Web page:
But let's say this comes to pass? The Bonkeys have enough lawyers to scare us all? You don't think Code Pink wouldn't get shoved out of the way by outraged American People?

Bush, and his picks. What rot.

Posted by patrick neid | September 16, 2007 12:10 PM

here's the real mind blower

....Mukasey, 66, worked under Rudolph Giuliani as a federal prosecutor in New York and is supporting the former mayor for president. Mukasey's son is a law partner with Giuliani.

A White House official said Mukasey, who retired from the bench last year, was recommended by both Republicans and Democrats when President Bush's emissaries sought advice on successors to Gonzales, who resigned following a blizzard of complaints about the firing of several U.S. attorneys.

Mukasey's supporters include Sen. Charles Schumer (D-N.Y.), a member of the Senate Judiciary Committee.....

If the Justice department looks into the Hsu affair, as AT, Mukasey could have an impact on the Hillary campaign. At the least I would expect to hear from Ms. Clinton.

Posted by Sara | September 16, 2007 12:10 PM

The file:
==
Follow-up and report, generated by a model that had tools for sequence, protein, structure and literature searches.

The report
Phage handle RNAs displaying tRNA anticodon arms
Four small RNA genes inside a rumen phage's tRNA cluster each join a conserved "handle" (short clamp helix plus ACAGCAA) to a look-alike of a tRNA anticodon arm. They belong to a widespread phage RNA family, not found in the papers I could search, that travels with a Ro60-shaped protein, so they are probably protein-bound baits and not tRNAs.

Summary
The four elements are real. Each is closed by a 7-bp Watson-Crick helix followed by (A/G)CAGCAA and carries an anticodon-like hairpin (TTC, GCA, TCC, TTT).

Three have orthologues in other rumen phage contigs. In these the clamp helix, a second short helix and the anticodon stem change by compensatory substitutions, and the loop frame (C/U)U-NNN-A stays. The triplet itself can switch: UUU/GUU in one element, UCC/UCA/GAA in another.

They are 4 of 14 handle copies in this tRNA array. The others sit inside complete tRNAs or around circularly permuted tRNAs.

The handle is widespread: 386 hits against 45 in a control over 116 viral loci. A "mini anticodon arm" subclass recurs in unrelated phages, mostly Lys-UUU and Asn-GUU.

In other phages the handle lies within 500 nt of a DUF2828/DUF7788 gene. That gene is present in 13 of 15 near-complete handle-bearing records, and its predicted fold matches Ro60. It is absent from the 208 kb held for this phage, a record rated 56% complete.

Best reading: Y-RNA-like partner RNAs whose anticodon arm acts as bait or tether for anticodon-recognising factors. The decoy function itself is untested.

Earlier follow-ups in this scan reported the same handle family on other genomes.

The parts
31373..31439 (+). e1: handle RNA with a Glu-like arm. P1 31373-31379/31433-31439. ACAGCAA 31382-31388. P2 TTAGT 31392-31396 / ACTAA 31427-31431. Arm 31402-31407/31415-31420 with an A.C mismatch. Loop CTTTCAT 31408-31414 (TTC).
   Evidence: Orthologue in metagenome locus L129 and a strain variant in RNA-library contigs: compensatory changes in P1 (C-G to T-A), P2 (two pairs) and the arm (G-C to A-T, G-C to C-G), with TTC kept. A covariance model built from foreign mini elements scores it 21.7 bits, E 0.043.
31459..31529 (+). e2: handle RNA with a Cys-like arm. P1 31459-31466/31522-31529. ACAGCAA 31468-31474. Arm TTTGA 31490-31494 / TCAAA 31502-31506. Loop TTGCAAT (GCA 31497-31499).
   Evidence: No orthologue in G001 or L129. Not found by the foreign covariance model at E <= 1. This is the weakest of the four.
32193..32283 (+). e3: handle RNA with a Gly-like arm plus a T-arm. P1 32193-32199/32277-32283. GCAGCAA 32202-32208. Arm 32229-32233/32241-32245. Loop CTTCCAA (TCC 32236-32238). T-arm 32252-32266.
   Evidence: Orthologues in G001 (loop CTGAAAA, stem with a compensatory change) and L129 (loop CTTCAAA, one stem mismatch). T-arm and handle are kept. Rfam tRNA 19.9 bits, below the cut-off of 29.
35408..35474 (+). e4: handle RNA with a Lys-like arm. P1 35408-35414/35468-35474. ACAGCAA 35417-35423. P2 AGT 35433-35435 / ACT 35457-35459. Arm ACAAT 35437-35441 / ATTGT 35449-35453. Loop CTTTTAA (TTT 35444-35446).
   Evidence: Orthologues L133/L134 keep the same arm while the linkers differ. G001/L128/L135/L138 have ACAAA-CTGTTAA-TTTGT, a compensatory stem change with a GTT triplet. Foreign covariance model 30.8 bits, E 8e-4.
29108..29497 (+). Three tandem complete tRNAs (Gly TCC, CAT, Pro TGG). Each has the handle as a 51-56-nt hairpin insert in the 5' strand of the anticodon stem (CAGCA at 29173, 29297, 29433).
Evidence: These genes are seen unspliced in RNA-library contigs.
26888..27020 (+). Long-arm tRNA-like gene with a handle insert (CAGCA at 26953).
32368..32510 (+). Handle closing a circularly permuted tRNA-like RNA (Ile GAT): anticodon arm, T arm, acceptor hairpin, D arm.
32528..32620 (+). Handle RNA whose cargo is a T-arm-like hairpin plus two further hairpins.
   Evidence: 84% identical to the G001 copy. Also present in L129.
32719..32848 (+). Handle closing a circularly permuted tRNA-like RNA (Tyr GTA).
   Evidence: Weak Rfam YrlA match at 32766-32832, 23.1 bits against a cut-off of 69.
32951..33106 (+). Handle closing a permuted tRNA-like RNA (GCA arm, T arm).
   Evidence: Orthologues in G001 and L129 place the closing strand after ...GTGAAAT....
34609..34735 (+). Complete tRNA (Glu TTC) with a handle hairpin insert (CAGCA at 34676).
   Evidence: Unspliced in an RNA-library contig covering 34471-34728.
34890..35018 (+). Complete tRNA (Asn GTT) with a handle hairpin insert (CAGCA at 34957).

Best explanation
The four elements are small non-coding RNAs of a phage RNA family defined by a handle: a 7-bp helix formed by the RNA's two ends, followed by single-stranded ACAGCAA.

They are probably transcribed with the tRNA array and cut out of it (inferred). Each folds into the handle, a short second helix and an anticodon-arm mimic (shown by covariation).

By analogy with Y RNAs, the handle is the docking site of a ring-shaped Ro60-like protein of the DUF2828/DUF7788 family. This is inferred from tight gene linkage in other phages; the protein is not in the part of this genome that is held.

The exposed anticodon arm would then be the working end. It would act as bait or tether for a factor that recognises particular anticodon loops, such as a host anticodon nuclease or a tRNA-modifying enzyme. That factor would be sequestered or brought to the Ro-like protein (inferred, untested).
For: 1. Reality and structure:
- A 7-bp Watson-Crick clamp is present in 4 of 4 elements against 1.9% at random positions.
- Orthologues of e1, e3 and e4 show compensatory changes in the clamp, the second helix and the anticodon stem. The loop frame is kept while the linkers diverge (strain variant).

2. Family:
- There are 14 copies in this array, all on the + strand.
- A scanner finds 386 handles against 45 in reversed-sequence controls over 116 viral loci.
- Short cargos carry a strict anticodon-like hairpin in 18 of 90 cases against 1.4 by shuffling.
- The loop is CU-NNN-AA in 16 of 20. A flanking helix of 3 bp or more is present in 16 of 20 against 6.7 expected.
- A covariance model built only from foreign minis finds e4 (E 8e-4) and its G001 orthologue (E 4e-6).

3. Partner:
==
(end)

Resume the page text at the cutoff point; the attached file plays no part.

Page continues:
Anyone out of the Southern District of New York is a no no for me. I don't care how qualified that person looks on paper. If Schumer isn't opposed, then that person is under Schumer's control. Look at what Schmucky's boy Comey did. No, the President needs to looks somewhere other than the So. District of New York.

Posted by patrick neid | September 16, 2007 12:17 PM

nope, not good enough for you Sara,

"He is a member of the Justice Advisory Committee of Giuliani's presidential campaign. His son Marc L. Mukasey is a partner at the law firm Bracewell & Giuliani, where the former mayor is a senior partner.

Michael Mukasey, who was born in the Bronx in 1941, got his undergraduate degree from Columbia College and his law degree from Yale Law School.

He was nominated to the bench by Reagan in 1987, and was chief judge from 2000 to 2006. He then rejoined the Manhattan-based law firm of Patterson Belknap Webb & Tyler, where he is a partner.

As judge, he presided over the trial of Sheik Omar Abdel Rahman, who is serving a life sentence for the 1993 bombing of the World Trade Center.

Mukasey also signed the material witness warrant authorizing the arrest of terrorism suspect Jose Padilla in 2002.

Posted by viking01 | September 16, 2007 1:55 PM

Counting down the seconds until Schumer or other Lefty degenerate begins throwing mud at the chosen nominee.

The Dems cannot be trusted. Hillary and Obama Hussein realize that as they openly distrust each other.

Ever since Saint Bubba with his Vestal Interns was crowned Worshipful Master (perhaps Mastur-) of their Democrat party it has been everyone against anyone who questions Slick's true believers and their god of Socialism.